Getting XML Data Tools

A browser is a good tool for viewing XML, but you can't modify the XML using it. Because XML is pure text, you can use any editor like Notepad to edit it. However, Notepad isn't optimal because it doesn't display the XML structure. In addition, Notepad lacks tools for making the editing experience better. For example, if you want to add a new element, you must type the tag manually. Manual techniques often leave you open to data errors. Consequently, you need an editor that works well with XML files.

Many of the tools mentioned in this book rely on Microsoft XML Core Services (MSXML) 4.0. In addition, some of the coding examples also rely on this library. The latest version at the time of writing is Service Pack (SP) 2, which you can download at http://www.microsoft.com/ downloads/details.aspx?familyid=3144B72B-B4F2-46DA-B4B6-C5D7485F2B42 (MSXML 4.0 is approximately 5MB, so make sure you allocate enough time to download it). Both of the editors in the sections that follow rely on MSXML 4.0. However, Netpadd is perfectly happy using MSXML 5.0, which comes with Microsoft Office 2003. On the other hand, XMLwriter 2 specifically requests MSXML 4.0 every time you start it, even if you have MSXML 5.0 installed. Fortunately, you can install the two versions of MSXML side by side without any ill effects.

XML editors use a number of methods for displaying the XML file. Because presentation is very important when working with XML, you should choose an XML editor that presents the information in a way that you can understand. For example, Figure 4.2 shows the tree view editor used by many XML editors such as XML Notepad and XMLSpy. In addition, XML editors cost differing amounts based on the features they provide. Some editors are very expensive because they provide automated generation features and edit a number of file types.

FIGURE 4.2:

Many XML editors provide a tree view display that experts like.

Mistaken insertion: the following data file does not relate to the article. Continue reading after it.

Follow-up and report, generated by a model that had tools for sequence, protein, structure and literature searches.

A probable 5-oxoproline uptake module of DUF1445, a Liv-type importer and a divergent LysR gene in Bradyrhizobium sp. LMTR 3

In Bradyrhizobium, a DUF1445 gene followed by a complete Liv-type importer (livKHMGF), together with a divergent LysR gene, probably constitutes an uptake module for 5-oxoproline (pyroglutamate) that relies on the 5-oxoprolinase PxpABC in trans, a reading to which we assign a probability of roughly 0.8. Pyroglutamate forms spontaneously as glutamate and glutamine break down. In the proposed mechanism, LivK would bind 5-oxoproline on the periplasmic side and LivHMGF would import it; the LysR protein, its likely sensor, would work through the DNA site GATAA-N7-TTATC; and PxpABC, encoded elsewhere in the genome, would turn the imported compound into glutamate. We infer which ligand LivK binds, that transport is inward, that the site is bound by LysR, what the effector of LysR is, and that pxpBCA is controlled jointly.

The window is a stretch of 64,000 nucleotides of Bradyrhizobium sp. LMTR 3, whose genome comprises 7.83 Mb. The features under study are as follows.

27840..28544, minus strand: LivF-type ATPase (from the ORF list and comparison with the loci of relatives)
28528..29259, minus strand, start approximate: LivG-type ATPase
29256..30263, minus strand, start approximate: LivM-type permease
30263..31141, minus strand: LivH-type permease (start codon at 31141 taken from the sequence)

Si SampleUala.XML - XML Notepad

1 File Edit View Insert Tools Help

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Child Data

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Second Child Carment

^ FirstAttribüte

First Attribute Value

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¡For Kelp, press Fl

One of the most popular XML editors on the market today is XMLSpy (http://www.xmlspy .com/). You can download a limited-time evaluation copy of the product from the Altova Web site. Once the evaluation period ends, you must either remove XMLSpy from your system or buy a copy. Another popular choice is XML Notepad—a free download originally provided by Microsoft. Microsoft doesn't officially support XML Notepad any longer. Consequently, you can't download it from Microsoft. One alternate download site is WebAttack at http:// www.webattack.com/get/xmlnotepad.shtml (this site has the 1.5 version). A good free option is XMLFox (http://www.xmlfox.com/). The left side of the XMLFox display is yet another version of the standard tree display—this one sports special symbols and colors. The unique feature of this product is that it uses a tabular view of the XML data, which works pretty well with some types of complex XML files, including those from eBay. All of these editors provide superior handling of XML files by including special symbols and specific methods for adding data. In addition, XMLSpy works on a number of other file types and provides task automation that you'll find helpful if you work on XML files frequently.

I chose the two XML editors presented in the sections that follow because they're simple to use and you can download them free. I'm not endorsing these editors as the only selections on the market—you should try a number of editors before you settle on one. However, because these editors provide good functionality and don't provide too many confusing features, you might want to try them as a starting point for your XML learning experience.

Make sure that you download any required security updates such as the one described in Microsoft Knowledge Base article KB832414 for MSXML 3.0 (http://www.microsoft ,com/downloads/details.aspx?FamilyID=0031ba5d-7b07-4872-b7a7-6bbd384ba8e9). You can find a list of MSXML downloads, including many security updates, at http:// www.microsoft.com/downloads/results.aspx?productID=&freetext=msxml.

Using Netpadd

Netpadd (http://www.netpadd.com/) is a freeware product that has some interesting features, but is also very simple to use. To write XML using this product, you need to type all of the information manually. There's little automation in this product, so when you create an opening tag, you must create the closing tag to go with it.